Assata Shakur – the former Joanne Chesimard.
By Jon Lee Anderson, The New Yorker
When a cold war winds down, what happens to its spies and traitors? The British double agents Kim Philby, Guy Burgess, and Donald Maclean were able to see out their days in Moscow while it was still ruled by Communists, without fears that their hosts might betray them and send them back to an unforgiving Great Britain.
Other scenarios, such as that of the United States and Cuba, are more complicated. On December 17, 2014, the same day that the United States and Cuba announced the restoration of diplomatic relations, an exchange of long-imprisoned spies and double agents also took place. Three Cuban sleeper agents who had been imprisoned in the U.S. since 1998 were released from U.S. federal prisons and flown home. Simultaneously, Rolando Sarraff Trujillo, a C.I.A. double agent who had been held in a Cuban prison since 1995, was flown to the U.S., as was Alan Gross, a State Department contractor who was arrested in 2009 for smuggling Internet equipment onto the island for dissident groups.
But the fates of many fugitive citizens who were given refuge in the United States or Cuba remain in limbo. Among them are people sought back home for crimes including murder, kidnapping, bank robbery, and terrorism. Curious about such people, I recently asked an American official what prevented the U.S. government from arresting, and possibly extraditing, Luis Posada Carriles, an eighty-eight-year-old Cuban exile living in Florida, on terrorism charges.
Posada, a former C.I.A. operative who spent most of the past half century involved in efforts to violently destabilize the Castro government, has been on the top of Cuba’s most-wanted list for decades. I ticked off the long list of his alleged crimes—most notably, the bombing of Cubana de Aviación Flight 455, in 1976, which killed all seventy-three passengers onboard, and a number of bombings and assassination attempts across the Western Hemisphere. As recently as 1997, Posada admitted to planning the bombing of a Havana hotel, which killed an Italian tourist.
The official listened calmly, nodding his head as I spoke. Eventually, he told me, “The complication is that Cuba is also harboring people that the United States would like to see face justice back home.” He mentioned Joanne Chesimard, who goes by the name Assata Shakur, the aunt of the late rapper Tupac Shakur and a former member of the Black Liberation Army, a short-lived offshoot of the Black Panther Party that was devoted to armed struggle.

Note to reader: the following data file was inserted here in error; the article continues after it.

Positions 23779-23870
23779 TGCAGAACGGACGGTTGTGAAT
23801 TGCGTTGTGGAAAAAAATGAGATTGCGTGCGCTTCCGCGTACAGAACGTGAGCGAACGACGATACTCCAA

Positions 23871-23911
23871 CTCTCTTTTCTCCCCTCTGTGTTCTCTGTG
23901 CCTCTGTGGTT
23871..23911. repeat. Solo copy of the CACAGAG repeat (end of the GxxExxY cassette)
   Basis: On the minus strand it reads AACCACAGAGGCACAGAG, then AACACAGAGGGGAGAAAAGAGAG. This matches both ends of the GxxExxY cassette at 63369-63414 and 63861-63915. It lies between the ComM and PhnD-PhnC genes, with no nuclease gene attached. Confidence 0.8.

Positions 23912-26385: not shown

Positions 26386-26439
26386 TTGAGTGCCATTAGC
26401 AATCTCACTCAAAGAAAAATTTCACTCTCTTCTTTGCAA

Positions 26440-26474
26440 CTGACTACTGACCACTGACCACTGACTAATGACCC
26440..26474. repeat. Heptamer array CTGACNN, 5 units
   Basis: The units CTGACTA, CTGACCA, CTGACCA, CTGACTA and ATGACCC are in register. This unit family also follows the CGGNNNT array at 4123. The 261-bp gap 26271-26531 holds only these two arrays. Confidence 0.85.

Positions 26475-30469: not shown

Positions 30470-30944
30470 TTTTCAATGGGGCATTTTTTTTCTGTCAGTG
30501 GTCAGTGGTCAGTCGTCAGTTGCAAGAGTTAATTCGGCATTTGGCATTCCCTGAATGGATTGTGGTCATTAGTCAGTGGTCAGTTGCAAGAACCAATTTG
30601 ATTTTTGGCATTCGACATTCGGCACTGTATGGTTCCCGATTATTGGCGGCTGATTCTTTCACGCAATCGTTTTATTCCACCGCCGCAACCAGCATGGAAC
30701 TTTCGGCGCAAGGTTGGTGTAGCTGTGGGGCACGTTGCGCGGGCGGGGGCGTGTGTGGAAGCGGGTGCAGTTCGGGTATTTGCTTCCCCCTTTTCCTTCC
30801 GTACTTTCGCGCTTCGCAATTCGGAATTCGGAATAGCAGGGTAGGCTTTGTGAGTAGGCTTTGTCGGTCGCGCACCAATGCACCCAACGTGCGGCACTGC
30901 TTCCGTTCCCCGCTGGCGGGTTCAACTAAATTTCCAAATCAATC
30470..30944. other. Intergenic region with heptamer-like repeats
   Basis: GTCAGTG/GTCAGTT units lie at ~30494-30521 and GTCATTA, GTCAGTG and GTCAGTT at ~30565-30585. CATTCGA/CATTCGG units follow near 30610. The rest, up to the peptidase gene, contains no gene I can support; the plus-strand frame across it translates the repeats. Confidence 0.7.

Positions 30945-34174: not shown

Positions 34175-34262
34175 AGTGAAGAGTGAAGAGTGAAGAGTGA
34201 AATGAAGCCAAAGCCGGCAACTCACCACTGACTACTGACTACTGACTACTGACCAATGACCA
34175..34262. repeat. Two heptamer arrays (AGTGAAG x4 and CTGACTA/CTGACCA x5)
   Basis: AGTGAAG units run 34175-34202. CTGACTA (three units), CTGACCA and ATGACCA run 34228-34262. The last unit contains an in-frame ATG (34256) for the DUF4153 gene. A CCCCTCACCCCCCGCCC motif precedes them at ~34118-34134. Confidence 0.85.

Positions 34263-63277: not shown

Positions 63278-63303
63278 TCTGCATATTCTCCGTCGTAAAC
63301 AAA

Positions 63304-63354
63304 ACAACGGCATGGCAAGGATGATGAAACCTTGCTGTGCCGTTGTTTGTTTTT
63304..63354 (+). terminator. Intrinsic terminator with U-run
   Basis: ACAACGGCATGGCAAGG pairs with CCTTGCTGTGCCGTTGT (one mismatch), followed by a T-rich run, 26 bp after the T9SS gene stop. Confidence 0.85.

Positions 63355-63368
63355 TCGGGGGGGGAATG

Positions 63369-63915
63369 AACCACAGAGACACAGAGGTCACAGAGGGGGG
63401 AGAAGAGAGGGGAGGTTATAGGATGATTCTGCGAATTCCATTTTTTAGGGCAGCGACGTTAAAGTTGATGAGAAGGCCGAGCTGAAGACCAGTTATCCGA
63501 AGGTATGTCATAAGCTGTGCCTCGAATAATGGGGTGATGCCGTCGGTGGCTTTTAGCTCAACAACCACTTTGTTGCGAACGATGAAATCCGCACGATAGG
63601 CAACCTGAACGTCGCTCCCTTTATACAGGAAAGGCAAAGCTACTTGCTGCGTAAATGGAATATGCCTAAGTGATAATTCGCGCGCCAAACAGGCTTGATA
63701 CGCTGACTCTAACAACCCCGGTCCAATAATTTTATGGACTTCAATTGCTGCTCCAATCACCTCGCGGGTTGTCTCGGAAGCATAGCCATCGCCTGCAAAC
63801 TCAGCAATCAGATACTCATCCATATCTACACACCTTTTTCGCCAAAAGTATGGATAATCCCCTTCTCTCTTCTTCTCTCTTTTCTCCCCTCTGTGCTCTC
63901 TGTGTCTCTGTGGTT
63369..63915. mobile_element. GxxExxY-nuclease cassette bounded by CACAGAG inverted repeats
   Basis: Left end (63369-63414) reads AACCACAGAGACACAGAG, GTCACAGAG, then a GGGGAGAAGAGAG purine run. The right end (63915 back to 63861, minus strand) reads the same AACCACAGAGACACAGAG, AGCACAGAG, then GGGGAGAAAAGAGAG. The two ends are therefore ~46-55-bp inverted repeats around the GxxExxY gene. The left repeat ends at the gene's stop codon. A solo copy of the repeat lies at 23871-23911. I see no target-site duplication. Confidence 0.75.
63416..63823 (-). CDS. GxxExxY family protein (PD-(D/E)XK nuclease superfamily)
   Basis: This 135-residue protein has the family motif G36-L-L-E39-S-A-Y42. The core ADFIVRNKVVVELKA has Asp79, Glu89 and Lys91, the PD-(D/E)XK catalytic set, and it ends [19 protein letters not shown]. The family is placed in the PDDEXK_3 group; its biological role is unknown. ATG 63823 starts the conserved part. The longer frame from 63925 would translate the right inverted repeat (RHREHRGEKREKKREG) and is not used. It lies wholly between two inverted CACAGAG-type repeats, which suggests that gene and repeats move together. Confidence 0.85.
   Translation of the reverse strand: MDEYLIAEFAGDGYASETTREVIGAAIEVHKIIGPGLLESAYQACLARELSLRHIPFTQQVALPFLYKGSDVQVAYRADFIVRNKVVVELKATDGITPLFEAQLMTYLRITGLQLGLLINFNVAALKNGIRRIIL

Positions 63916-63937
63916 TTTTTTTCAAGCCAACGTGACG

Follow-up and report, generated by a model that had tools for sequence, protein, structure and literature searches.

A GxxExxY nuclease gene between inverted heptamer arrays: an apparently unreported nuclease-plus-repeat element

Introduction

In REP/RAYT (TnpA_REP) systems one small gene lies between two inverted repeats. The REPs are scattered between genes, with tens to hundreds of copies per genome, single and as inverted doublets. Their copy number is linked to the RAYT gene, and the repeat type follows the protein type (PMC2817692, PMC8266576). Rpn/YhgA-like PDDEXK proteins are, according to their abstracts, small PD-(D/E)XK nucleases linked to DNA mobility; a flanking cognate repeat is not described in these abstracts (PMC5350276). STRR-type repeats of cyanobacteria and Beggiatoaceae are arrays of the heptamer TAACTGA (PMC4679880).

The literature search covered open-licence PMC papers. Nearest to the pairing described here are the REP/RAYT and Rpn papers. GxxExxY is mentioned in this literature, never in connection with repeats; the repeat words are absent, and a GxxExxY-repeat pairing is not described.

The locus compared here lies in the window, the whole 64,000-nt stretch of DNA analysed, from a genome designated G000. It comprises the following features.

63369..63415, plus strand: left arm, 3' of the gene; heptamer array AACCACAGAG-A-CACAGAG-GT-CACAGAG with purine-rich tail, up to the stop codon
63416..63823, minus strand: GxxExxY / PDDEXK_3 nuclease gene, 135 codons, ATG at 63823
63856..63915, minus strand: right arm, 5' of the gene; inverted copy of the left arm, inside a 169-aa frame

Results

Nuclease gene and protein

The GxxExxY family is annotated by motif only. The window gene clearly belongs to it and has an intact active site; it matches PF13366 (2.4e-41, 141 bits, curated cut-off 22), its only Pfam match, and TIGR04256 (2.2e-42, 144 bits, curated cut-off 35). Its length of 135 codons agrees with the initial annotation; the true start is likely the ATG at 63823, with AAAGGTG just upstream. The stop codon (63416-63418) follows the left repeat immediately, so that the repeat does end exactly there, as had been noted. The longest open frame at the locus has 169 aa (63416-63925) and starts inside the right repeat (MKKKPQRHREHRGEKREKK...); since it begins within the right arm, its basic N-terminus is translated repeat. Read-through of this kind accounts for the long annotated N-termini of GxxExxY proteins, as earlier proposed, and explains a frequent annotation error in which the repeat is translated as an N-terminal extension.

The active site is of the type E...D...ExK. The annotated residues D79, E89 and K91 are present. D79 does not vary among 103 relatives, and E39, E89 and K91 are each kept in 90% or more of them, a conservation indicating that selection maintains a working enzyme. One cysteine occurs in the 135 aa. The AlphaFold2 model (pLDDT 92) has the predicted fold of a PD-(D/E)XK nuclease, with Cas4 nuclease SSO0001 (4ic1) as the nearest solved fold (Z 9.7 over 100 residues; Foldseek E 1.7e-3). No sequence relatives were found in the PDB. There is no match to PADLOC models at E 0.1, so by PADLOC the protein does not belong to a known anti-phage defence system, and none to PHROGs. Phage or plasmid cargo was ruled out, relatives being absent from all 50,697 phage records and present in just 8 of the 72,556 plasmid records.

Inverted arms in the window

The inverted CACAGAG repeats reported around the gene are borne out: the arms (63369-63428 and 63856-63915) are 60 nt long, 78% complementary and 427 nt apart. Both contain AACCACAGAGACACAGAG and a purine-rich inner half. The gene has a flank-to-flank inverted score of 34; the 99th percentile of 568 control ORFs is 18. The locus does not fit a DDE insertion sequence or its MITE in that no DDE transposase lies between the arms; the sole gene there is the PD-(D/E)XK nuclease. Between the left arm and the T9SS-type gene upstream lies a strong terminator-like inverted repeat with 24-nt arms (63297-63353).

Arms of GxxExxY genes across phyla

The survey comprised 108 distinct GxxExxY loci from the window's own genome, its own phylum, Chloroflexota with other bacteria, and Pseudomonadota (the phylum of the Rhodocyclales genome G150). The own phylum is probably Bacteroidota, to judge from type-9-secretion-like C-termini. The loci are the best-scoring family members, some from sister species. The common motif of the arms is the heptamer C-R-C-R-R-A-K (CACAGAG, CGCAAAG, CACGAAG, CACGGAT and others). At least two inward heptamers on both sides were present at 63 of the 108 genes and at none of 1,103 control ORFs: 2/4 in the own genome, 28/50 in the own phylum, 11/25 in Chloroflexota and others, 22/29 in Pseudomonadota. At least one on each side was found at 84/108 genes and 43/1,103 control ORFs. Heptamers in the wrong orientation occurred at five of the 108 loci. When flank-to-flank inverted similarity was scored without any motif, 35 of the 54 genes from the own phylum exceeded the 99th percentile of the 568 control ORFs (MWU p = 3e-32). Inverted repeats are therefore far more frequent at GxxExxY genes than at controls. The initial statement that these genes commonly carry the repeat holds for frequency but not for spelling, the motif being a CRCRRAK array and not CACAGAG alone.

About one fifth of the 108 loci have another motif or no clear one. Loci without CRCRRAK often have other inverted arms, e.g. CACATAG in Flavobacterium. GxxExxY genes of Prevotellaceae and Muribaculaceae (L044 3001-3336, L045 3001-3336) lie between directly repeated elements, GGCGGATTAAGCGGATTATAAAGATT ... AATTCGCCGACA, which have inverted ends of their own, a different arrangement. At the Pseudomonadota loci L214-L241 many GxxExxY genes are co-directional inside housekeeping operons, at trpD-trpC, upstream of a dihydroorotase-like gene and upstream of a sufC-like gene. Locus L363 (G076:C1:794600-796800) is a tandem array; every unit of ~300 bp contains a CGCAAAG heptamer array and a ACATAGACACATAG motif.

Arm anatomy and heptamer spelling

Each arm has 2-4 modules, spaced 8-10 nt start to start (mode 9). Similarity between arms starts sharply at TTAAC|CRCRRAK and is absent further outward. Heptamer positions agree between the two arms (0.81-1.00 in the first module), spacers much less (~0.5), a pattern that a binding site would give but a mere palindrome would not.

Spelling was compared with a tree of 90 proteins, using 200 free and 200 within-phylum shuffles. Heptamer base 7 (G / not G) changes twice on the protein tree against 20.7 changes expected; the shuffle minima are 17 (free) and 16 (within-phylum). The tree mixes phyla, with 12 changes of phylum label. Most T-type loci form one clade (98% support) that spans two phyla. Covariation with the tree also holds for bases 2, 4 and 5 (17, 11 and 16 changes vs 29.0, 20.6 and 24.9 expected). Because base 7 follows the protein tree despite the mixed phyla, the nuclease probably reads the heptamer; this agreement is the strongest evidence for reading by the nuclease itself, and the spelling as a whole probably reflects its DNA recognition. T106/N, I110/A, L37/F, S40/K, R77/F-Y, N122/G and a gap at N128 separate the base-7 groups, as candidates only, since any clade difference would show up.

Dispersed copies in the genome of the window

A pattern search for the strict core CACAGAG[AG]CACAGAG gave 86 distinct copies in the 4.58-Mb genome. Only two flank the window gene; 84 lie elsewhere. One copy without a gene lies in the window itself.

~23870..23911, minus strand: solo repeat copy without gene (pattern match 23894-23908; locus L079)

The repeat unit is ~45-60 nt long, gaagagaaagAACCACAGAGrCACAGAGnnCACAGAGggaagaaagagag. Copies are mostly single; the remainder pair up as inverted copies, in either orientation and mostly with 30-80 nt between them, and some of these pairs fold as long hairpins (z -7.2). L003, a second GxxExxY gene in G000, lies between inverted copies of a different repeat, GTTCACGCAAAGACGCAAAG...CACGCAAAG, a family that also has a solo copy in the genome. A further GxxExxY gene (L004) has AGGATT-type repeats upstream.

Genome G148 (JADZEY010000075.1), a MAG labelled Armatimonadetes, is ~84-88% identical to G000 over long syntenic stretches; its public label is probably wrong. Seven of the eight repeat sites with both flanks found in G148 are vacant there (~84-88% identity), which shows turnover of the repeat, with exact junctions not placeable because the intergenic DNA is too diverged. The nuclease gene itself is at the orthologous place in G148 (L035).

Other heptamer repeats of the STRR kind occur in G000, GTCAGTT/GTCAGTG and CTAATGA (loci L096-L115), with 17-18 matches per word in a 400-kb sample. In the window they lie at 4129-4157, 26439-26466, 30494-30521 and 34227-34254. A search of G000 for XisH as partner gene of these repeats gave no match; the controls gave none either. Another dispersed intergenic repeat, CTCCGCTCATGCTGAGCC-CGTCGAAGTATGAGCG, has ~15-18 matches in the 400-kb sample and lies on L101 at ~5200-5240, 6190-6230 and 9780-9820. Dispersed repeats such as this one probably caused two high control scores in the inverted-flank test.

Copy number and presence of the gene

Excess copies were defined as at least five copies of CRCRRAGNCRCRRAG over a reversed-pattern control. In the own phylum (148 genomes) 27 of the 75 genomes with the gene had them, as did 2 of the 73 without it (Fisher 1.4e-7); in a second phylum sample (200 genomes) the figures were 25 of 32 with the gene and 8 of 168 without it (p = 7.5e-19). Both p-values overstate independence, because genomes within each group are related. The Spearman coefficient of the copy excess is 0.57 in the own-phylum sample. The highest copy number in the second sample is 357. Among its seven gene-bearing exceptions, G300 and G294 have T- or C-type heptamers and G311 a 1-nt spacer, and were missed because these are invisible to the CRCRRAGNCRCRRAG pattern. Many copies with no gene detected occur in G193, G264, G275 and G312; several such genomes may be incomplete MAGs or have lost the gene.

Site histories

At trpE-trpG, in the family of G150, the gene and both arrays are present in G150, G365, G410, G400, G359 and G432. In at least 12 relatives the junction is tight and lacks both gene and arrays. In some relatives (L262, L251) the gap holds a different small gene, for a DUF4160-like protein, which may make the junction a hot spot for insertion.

Shakur, a native New Yorker, has been living in Cuba since 1984. She arrived there after several years on the lam, following her escape from a prison in New Jersey, where she was serving a life sentence for the 1973 murder of a U.S. state trooper. (She was also tried for but not convicted of crimes including bank robbery, kidnapping, and other murders.) Shakur was granted political asylum in Cuba, where she was given a job and a home. She is now sixty-nine, remains on the F.B.I.’s Most Wanted list, and is the undisputed doyenne of the estimated seventy-odd American fugitives living in Cuba. Her 1987 memoir, “Assata: An Autobiography,” whose cover features a photograph of her looking over her shoulder at the camera, can be found in many of Havana’s state-run bookstores, alongside books about Che Guevara and Fidel Castro.
Most of the American fugitives in Cuba are radicals of Shakur’s era. Charlie Hill, who is in his mid-sixties, was a member of a militant group called the Republic of New Afrika, which sought to create an independent black nation in the American South. Hill was accused, with two comrades, of killing a policeman in New Mexico in 1971. Several weeks later, the three men hijacked a passenger plane to Cuba, where they were granted asylum. Both of Hill’s comrades have died, but he remains in Havana. And there is the Columbia University graduate Cheri Dalton, who goes by Nehanda Abiodun, also a veteran of the Republic of New Afrika. Abiodun is sought for her involvement in the armed robbery of a Brink’s armored truck in New York in 1981, in which two policemen and a security guard were killed. She is also thought to have helped Shakur break out of prison. Abiodun, who either fled to Cuba with Shakur or followed shortly after, has reinvented herself there as a mentor to rap artists.
Feature continues here: Cuban Safe Haven